3. Oh, lord. You shouldn't be buying Oreos anyway. They're chocked full of HFCS.
    And you're just made they wouldn't use _your_ ad.
    I support breastfeeding, but not tantrums trying to pass themselves off as supporting breastfeeding.

  4. I can't believe people are getting so damn worked up over the image of a bottle when a mother is breastfeeding. Seriously.
    It seems no one has ever heard of mothers who breastfeed pumping and putting their breast milk in a bottle for when they can't be with their child or they're on the go.

    1. The reason people get so worked up over the image of a bottle instead of a breastfeeding image is because breastfeeding is not a bottle. I don't need a special room away from everyone to bottle feed my baby, I need it because I'm using my boobs to feed my baby and I'm trying to be considerate of others.

      There are people who pump and put breastmilk in a bottle to use on the go, but that's not what we are talking about. Some people can breastfeed 100% successfuly and not pump a single ounce! So their only choice, other than formula, is to nurse on the go. Not to mention its easier to just latch him on the breast than to bring out a bottle and find a place to warm it up.

  5. I don't think it's about anyone getting "so damn worked up." As a mother to a one-year-old little guy, I know I am way more comfortable nursing in areas where I see it clearly supported. There's nothing wrong with trying to promote breastfeeding in a very clear cut way. If there are better ways to support the healthiest option for future generations, why shouldn't we suggest them?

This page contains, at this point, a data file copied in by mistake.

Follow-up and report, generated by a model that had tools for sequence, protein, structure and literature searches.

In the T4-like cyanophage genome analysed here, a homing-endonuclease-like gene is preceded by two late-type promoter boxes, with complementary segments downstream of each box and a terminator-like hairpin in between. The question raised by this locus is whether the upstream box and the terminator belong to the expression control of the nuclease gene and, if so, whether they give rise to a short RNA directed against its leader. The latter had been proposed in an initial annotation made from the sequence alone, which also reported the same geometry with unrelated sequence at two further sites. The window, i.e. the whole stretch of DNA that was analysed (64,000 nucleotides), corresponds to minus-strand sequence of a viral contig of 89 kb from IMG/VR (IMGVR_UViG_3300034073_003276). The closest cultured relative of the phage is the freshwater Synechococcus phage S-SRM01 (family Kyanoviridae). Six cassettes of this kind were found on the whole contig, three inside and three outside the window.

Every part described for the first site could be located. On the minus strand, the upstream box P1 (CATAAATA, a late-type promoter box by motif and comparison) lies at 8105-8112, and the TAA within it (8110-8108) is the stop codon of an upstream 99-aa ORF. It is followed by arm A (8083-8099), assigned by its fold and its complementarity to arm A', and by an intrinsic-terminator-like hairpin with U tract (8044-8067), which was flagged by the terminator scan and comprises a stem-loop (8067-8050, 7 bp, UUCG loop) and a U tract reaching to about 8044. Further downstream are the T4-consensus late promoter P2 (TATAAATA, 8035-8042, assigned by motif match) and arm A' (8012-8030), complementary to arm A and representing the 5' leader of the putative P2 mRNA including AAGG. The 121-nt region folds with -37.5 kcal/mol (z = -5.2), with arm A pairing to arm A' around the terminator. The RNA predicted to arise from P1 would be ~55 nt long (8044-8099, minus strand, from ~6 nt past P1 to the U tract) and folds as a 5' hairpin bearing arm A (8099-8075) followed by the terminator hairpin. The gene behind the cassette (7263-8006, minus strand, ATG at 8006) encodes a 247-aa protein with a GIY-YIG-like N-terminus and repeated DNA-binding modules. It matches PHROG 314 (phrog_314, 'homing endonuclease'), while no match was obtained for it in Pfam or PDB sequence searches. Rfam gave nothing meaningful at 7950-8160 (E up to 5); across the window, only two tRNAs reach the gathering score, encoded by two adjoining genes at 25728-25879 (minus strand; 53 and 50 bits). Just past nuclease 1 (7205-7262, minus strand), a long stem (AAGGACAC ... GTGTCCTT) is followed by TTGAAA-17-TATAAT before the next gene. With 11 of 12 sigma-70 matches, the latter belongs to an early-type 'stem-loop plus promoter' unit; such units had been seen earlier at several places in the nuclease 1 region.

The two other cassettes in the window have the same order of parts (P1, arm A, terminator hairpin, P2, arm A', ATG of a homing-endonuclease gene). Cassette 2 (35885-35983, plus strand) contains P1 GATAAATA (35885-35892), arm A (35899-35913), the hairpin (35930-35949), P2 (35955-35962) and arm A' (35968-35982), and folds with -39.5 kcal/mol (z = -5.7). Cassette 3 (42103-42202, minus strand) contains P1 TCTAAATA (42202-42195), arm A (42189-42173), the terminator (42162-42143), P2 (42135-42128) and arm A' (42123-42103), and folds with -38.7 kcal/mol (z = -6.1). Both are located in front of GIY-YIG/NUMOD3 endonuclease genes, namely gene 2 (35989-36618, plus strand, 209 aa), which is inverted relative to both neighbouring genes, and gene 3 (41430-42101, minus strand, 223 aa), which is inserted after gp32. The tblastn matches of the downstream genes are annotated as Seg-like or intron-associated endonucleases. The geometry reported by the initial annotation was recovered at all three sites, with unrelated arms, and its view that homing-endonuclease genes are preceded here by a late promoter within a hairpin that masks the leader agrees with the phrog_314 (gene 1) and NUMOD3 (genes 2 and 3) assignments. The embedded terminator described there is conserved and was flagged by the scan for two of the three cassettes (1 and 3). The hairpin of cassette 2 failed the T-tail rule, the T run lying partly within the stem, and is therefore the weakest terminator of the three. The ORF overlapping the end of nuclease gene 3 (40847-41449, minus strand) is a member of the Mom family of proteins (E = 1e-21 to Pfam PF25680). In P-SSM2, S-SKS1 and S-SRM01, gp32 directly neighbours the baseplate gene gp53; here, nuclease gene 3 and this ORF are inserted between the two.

6. These guys just can't win. It's just an ad people. I breast feed my son but feel no need to bash a company for a simple ad. AND my son DOES use a bottle! 5 days a week. I almost feel like these people bashing the bottles have no regard for a working, lactating, mother. SMH

  7. There are many reasons why it's SO important to make breastfeeding the norm, and I applaud and support companies that affirm it. I'm grateful every day that I can breastfeed my son. Unfortunately, there are many moms who, for reasons beyond their control, cannot breastfeed their babies no matter how hard they try. When I talk to a mom who doesn't breastfeed, I have to work hard at not being judgmental about it because the circumstance probably breaks her heart too.

  8. I actually think both ads are pretty cool. Oreo's job is to promote their product not breastfeeding. 

  9. I'm also a working, lactating mother, and I agree that this ad sends the wrong message. The problem is not the bottle, it's what it represents. Most people see a bottle and think "formula", not "breast milk", not even those of us who pump and bottle-feed.

  10. the issue isn't what kind of milk is in the bottle, the issue is making women feel they are doing something dirty when they give their baby boob in public.
    in order to normalise BF again the imagery needs to be used in place of a bottle.
    tesco feeding rooms have bottle images too.


  12. When the vast majority of images related to feeding newborn babies are breastfeeding images, it will be a healthy reflection of reality, and it will make it easier for new breastfeeding moms. As long as the vast majority of infant feeding images in mainstream and social media are bottle feeding images, we are living in a skewed reality that contributes to the idea that bottle feeding is the norm. I just looked at a study where UK television programs were examined to see how often bottle feeding vs breastfeeding images were used. There were 170 images of bottle-feeding and only 10 images of breastfeeding. That's a problem. If it reflected the current reality it would be a vast improvement, and yet there would still be some bottle feeding images.

    1. You said it perfectly my dear :)

    2. Jodine, thank you. That is very well put.